The Heritage Bill 2023 will now be referred to the Standing Committee on Justice, Law and Human Rights, after the Government saw merit in the views of the Opposition expressed in Parliament.
Last Tuesday, the Attorney-General Siromi Turaga moved a motion pursuant to Standing Order 51, that the Bill be considered by Parliament without delay, that the Bill must pass through one stage at a single sitting of Parliament.
However, while debating the Bill, Government has directed that the Bill be sent to a Standing Committee and that a report on the Bill must be presented at the November Sitting of Parliament.
Turaga said national heritage is something that is a treasure to all of us, a country in the Pacific that is both diverse and strategically placed in the South Pacific – Fiji is rich with culture and diversity while at the same time maintain strong links to our traditions and heritage.
“As a member state, Fiji is required to adopt the legislative and administrative provisions to give effect to the World Heritage Convention.”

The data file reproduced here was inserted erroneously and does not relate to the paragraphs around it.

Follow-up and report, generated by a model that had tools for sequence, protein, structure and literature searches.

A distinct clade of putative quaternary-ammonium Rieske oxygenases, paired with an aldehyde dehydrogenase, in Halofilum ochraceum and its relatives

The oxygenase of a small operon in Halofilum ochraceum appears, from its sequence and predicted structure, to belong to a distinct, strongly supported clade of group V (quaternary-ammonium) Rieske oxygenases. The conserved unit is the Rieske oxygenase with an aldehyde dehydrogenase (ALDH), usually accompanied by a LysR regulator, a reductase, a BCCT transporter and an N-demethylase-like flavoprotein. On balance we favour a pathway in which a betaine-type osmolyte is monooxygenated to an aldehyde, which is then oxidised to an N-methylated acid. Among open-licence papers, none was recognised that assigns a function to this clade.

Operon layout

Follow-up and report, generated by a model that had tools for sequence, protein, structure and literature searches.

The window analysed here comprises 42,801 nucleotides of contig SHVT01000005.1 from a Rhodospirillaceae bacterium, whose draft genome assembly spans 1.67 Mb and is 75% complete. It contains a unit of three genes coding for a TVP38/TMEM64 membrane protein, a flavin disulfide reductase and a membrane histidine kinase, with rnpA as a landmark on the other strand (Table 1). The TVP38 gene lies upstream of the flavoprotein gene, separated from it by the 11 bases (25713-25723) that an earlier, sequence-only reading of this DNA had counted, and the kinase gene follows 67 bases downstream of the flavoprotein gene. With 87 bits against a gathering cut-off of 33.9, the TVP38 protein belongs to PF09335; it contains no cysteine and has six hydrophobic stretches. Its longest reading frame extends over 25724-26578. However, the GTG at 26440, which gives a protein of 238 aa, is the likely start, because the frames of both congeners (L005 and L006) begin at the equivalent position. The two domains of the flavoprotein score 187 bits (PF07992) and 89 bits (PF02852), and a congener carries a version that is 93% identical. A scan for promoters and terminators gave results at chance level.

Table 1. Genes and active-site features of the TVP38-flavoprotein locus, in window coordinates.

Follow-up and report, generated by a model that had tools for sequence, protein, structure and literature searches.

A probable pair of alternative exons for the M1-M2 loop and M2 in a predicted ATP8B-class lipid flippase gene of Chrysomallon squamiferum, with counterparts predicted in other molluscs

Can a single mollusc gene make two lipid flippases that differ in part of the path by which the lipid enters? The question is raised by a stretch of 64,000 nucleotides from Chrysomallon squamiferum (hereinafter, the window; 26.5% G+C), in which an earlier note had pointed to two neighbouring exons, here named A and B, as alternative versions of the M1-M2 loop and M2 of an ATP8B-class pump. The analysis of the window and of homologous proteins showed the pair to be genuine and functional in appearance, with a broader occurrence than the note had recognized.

“The Bill provides for the domestic application of the World Heritage Convention in Fiji; No changes have been made to the Bill as tabled on Tuesday,” Turaga said.
Responding to the motion, Opposition MP Faiyaz Koya said they supported the decision of Government to refer the Bill to a Standing Committee.
Koya thanked the Government for listening – it is important, it is for Fiji.
“This is a Bill that was instigated by us in the first place and I think it is important that we do realise that it has to do with Fiji, and it has to do with our commitments that we have made with UNESCAP and the World Heritage sites,” Koya added.